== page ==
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I was not brought up by my parents, I attended boarding school, then University and my grandparents, who where very Edwardian in outlook looked after me in the holidays.

 

My father was in the army and stationed overseas most of his career and my mother moved with him wherever he was sent.

 

So, we have not been close until the last five years, when I retired from the army myself and had time to develop a relationship with them.

 

Which is a bit of a shame as they are pretty decent people, I have come to find.

 

I, myself, have two daughters, an eighteen year old and a fifteen year old, and I am of the baby boomer generation myself.

 

My eldest is at University and the younger ones lives with her Mum, but we live in adjacent villages so I see her all the time.

 

I have to say there were times, when both their Mum and I used to look at each other and say, if I had known it was going to be like this......but, of course never meant in truth.

 

Both my children would be welcome at either of our houses for as long as they needed to find their feet, recover from the vagaries of life, before venturing out again.

 

We brought them into the world and I and my ex wife would never see them destitute, nor would any of their extended family on either side of the marriage.

 

But, at the same time I have no worries about either of them earning their own way in the world, indeed I expect it.

 

More importantly, they expect it of themselves.

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It took until my mid 30's to really start to appreciate my mom's wisdom. It took until my mid 40's to re-establish a relationship with her as an adult and a friend.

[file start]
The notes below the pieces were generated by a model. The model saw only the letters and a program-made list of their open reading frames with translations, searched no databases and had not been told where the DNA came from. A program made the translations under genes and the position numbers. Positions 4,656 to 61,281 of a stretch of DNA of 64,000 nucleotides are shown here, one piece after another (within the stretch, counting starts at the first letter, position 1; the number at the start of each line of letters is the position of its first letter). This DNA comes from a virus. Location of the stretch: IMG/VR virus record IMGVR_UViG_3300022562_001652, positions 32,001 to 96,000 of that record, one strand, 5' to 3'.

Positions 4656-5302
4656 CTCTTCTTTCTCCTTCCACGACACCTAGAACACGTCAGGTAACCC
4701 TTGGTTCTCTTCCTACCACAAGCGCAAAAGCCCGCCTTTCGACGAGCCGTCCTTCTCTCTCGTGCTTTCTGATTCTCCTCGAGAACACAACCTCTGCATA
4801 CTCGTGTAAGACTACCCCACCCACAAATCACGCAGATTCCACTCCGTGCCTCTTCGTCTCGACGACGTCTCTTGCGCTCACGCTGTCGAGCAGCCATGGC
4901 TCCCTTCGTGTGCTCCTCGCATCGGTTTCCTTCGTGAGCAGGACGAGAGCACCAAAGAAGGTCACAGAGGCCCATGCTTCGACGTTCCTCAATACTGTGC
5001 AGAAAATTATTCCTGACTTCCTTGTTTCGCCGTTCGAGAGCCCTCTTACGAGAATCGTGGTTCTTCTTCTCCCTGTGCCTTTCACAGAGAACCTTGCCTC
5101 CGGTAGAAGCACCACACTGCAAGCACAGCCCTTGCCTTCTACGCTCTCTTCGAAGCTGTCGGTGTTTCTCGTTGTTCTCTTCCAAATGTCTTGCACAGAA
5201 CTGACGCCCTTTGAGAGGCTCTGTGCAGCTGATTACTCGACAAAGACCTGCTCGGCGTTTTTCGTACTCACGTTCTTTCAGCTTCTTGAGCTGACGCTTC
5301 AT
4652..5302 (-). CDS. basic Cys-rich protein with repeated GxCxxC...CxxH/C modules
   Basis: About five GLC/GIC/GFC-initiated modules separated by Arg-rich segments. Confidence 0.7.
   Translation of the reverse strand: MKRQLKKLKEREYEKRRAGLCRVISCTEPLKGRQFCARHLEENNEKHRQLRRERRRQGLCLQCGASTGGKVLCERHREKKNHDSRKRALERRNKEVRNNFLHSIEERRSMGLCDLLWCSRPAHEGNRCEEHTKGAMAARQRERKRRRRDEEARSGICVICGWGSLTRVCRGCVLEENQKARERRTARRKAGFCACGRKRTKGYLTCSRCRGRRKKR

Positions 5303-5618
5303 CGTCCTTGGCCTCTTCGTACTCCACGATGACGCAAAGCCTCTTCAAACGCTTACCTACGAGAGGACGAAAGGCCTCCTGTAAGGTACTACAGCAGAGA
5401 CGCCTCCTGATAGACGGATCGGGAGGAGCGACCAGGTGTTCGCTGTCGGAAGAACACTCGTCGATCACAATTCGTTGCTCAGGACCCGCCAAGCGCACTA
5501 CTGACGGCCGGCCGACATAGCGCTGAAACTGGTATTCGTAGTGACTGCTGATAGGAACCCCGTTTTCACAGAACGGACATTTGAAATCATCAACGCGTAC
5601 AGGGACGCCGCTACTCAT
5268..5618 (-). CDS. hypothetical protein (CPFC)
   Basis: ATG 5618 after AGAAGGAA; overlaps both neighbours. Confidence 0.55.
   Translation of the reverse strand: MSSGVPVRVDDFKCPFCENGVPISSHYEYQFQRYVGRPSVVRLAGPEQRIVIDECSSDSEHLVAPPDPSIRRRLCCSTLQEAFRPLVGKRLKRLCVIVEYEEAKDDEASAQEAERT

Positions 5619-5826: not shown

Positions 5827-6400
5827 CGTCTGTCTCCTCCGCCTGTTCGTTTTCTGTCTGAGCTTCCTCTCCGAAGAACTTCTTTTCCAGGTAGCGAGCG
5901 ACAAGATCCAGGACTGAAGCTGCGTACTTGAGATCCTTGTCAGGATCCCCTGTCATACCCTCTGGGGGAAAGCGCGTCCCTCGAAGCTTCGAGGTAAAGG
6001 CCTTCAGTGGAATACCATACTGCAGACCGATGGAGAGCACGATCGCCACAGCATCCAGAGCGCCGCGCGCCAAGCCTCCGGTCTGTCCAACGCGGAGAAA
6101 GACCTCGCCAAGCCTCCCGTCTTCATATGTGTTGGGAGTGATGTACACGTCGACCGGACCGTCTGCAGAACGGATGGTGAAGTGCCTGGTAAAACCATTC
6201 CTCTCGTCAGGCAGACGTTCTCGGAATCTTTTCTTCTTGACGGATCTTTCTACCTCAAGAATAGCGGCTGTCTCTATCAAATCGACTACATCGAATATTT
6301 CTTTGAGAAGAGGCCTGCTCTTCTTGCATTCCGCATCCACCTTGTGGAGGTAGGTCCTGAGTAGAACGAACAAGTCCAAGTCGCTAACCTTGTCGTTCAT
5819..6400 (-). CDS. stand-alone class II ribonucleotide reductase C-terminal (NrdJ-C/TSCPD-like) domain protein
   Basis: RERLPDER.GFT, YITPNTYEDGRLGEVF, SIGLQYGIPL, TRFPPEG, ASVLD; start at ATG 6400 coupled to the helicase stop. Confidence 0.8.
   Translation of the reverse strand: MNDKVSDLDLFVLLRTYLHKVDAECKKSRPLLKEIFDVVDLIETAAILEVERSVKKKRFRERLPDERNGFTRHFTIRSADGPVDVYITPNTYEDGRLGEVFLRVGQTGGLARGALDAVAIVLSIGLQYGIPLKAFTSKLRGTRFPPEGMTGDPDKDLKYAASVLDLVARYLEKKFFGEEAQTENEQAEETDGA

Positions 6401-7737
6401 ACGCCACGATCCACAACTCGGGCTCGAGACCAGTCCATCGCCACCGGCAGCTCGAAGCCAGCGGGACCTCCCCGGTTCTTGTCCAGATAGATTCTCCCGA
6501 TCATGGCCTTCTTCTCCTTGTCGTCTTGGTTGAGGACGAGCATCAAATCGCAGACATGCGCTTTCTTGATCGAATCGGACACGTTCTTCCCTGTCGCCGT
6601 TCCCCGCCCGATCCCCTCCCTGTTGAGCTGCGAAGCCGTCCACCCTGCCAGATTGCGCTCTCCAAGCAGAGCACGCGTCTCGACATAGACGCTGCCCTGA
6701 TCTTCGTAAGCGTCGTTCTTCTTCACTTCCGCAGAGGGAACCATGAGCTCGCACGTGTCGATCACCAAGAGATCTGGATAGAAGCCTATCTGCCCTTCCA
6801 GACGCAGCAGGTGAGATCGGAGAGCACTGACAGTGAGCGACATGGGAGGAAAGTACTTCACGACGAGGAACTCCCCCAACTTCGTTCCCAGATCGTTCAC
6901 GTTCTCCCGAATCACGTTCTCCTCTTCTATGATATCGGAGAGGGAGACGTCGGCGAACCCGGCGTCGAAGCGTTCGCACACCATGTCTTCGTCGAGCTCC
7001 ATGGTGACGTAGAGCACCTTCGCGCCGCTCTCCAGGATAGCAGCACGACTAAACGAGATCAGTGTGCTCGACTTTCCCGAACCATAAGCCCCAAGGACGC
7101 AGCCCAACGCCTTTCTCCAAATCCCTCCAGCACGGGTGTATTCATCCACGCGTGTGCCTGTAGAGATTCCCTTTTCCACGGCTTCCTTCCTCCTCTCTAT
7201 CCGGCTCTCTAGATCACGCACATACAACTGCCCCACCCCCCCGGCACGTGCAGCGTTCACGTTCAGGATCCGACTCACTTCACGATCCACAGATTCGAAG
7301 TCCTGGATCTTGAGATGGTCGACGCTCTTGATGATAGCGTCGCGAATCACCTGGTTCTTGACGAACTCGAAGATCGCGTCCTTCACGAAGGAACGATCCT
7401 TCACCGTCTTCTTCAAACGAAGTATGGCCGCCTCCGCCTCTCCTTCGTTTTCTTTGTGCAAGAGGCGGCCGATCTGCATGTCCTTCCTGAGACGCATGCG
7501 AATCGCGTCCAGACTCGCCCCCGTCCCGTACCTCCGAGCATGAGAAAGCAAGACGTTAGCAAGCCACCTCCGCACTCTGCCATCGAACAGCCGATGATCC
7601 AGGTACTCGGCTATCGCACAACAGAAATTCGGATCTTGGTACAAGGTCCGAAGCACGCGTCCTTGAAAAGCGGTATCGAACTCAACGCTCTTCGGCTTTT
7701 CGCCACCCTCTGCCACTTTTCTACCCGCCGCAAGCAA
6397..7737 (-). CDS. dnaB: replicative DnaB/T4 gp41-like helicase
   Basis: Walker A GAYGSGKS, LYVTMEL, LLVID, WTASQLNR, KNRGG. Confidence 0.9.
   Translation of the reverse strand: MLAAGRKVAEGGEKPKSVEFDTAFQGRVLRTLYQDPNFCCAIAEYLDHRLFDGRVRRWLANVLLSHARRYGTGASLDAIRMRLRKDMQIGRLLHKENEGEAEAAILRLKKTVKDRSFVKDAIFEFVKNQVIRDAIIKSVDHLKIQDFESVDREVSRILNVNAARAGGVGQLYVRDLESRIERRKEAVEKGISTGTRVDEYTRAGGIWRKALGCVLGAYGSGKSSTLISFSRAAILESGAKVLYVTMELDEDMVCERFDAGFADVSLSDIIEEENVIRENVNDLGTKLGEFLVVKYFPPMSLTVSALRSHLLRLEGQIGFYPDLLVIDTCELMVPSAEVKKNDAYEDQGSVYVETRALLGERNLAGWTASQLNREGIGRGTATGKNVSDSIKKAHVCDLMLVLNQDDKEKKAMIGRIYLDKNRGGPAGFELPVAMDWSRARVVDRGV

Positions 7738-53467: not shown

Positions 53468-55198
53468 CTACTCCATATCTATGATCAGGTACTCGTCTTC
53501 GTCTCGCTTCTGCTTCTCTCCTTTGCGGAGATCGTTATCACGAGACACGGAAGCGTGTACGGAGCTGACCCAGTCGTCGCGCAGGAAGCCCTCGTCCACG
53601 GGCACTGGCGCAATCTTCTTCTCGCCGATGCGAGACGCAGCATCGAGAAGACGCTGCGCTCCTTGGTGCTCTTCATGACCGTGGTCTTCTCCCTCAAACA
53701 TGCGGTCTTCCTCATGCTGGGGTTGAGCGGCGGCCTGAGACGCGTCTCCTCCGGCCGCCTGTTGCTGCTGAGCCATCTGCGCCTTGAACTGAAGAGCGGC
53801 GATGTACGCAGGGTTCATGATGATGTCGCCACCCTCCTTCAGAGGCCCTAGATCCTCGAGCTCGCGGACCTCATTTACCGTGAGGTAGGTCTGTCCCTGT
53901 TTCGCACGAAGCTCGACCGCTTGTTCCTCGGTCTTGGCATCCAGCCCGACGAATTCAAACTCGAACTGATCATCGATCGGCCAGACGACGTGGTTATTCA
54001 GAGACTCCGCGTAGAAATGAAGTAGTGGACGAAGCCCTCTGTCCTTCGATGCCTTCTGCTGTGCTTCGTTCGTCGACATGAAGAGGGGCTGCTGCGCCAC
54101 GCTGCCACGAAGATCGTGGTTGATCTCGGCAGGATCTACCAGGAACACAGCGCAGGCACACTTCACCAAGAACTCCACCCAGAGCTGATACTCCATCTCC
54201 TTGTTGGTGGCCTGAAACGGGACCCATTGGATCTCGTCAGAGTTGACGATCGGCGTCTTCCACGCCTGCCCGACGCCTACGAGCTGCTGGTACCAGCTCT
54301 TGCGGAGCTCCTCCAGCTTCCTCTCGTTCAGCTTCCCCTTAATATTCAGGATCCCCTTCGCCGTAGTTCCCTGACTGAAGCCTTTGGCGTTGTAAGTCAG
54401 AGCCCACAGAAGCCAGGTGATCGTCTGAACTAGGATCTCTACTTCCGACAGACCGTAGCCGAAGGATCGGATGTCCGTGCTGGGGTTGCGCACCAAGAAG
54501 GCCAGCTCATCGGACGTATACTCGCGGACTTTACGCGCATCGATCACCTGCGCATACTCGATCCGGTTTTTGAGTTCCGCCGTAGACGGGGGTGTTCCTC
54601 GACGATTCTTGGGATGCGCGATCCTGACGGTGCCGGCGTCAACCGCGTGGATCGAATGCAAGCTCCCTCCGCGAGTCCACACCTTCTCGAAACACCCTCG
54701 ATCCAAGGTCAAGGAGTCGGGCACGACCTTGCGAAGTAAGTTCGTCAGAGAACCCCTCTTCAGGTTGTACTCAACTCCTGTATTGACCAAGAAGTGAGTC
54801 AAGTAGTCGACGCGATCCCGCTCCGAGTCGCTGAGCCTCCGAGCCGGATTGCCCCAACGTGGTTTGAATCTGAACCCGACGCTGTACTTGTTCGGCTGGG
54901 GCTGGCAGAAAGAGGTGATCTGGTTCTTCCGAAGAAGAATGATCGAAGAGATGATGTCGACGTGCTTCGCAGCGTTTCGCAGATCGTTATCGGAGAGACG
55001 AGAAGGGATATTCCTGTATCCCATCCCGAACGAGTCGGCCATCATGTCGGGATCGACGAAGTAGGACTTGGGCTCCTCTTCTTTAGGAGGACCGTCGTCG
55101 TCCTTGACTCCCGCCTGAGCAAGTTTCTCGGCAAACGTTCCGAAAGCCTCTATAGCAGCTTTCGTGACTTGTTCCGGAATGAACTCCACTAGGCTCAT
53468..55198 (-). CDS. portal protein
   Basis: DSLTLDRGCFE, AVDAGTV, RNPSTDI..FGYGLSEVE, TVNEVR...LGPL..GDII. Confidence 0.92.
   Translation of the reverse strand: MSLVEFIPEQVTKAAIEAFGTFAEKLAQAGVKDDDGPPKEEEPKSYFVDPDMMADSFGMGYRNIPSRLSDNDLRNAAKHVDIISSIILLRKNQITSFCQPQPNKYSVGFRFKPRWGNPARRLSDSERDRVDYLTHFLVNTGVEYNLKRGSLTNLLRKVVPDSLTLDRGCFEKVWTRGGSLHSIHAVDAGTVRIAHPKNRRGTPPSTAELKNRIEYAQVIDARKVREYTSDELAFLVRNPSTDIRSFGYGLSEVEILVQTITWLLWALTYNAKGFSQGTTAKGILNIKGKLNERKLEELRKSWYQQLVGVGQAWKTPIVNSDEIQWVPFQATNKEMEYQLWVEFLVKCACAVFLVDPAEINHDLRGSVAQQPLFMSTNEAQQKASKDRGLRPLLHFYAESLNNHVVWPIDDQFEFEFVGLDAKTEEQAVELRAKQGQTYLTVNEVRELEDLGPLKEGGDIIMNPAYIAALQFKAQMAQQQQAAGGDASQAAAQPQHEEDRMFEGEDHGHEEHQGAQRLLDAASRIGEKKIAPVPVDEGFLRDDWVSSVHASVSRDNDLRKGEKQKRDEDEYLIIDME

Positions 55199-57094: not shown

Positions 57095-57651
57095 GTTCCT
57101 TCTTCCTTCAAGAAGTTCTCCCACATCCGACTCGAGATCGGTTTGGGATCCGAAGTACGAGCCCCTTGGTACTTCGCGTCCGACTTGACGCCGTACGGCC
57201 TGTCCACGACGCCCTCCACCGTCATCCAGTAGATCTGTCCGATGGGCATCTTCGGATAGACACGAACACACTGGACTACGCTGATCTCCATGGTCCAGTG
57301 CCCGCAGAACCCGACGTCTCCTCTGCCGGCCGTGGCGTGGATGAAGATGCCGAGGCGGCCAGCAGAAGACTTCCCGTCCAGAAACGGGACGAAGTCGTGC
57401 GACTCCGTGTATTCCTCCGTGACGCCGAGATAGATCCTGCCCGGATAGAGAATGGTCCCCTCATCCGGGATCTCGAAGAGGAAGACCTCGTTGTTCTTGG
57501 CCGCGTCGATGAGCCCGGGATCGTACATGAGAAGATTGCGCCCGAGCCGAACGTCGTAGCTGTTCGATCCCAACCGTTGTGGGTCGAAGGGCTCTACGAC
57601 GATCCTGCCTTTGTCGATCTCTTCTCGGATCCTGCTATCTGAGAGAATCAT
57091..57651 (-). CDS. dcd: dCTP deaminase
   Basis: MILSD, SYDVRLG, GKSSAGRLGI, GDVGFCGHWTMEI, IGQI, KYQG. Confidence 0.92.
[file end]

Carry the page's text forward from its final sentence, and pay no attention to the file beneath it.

I made a vow many years ago to raise my children in such a manner that they could have me in their lives on a daily basis with no misgivings at any age.

 

Adult children who are not in school full time should pay rent, whether they live at home or not.

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No I'm pretty much over it. I gave up my life and moved home to be closer to my family. They had other ideas. My mum had a chance to be that close and loving mother. That is not what she wants to do. IF when she gets older she decides that is what she wants well then too bad.

 

but did you return to the family home with the mindset that you left, because you talk a lot of 'should bes/should haves' with a very rigid view of what you expect from people. perhaps you would find a mental shift, rather than a physical one more beneficial? the onus appears to be on your mother to change if there is to be any reconcilliation, perhaps one day you will accept her for who she is and not who you want her to be, and then you may find your relationship will alter.

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I don't know where this idea that you should be self sufficient and awesome at 25 comes from.

 

Most people I know either live at home, or live out of home and are rather poorer than they would be at home. Most people I know who live out just scrape by. The real go getters are still living at home. I just realised those with the best careers are still at home. Two of them have recently moved out but that is after having a fully funded education, only moving out once they started a well paying career. I am talking at least $55,000 per year,

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Personally I find it a bit odd to be at home at the age of 30, I think alot of other people do too unless theres good reason. Most people don't want to stay at home and rely on parents still... obviously if you were stuck your parents should'nt expect you to get out there.. but still

 

There is a guy at my husbands work, he is 27, great job where he is but he still lives with his parents, all the guys in work think its fairly odd, as hard as it is people just expect you to go out on your own at some point. Cant expect to be wrapped in cotton wool forever. When your parents are gone, what then?